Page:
You may note that in the list below of my 5 favourite movies from Universal horror, that there is no entry or mention of a certain Transylvanian male vampire. This may or may not be controversial for some, but while Bela Lugosi's gave one of the iconic performances as Count Dracula, overall the film is actually rather disappointing. With the exception of a couple of performances, the majority of the cast are simply not very good. Moreover, whilst the iconic Gothic appearance of the film is there, the camera work is shoddy and lazy and there really isn't very much tension at any point in the film.
So anyone reading this may feel free to disagree with this list. But be warned, if you do I may just have to send my hunch-backed assistant out to collect you in the middle of the night…..Muraahahahahahaaaaaaa!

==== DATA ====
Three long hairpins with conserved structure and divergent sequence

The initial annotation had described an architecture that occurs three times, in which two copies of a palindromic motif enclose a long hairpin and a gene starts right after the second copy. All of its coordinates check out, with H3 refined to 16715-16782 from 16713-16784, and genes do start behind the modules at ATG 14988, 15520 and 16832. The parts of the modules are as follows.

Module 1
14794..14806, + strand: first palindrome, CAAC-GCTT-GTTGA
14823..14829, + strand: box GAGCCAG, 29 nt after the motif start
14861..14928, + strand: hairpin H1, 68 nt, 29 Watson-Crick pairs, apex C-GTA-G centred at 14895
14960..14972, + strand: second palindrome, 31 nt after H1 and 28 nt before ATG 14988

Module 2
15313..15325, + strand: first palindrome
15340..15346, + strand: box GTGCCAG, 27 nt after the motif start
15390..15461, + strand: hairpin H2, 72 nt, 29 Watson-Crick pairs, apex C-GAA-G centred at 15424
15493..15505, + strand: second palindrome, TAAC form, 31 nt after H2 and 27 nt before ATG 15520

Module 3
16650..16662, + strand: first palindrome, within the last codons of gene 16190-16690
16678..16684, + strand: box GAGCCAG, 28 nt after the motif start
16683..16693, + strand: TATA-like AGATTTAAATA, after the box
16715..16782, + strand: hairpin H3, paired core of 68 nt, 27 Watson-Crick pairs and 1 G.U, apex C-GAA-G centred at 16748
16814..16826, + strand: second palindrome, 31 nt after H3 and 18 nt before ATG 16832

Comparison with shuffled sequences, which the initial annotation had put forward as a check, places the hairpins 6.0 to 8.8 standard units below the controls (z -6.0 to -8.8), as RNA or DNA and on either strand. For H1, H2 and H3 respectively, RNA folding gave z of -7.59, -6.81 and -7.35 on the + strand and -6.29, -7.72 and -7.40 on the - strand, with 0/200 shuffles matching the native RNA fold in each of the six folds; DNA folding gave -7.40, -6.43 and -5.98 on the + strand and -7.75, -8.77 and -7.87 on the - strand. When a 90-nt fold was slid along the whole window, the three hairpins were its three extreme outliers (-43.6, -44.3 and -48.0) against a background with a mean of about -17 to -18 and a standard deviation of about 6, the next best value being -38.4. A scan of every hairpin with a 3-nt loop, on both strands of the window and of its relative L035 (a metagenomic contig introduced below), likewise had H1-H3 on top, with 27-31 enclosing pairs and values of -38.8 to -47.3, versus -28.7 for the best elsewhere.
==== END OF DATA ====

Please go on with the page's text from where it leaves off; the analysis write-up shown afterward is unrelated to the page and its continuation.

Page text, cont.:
"We are about to unfold the story of Frankenstein, a man of science who sought to create a man after his own image without reckoning upon God. It is one of the strangest tales ever told. It deals with the two great mysteries of creation – life and death. I think it will thrill you. It may shock you. It might even – horrify you. So if any of you feel that you do not care to subject your nerves to such a strain, now's your chance to – uh, well, we warned you."
There we have a rather courteous notice of intent before the opening credits of perhaps the most visually and stylistically iconic movies of all time about the scientist who builds an artificial man by using parts from stolen bodies. He succeeds, with the aid of an electrical storm, in bringing the creature to life but, because his assistant has provided the brain of a criminal, the creation proves impossible to control. Eventually the monster escapes, accidentally killing a small girl, and is pursued and apparently slain by angry villagers in the most energised of movie climaxes.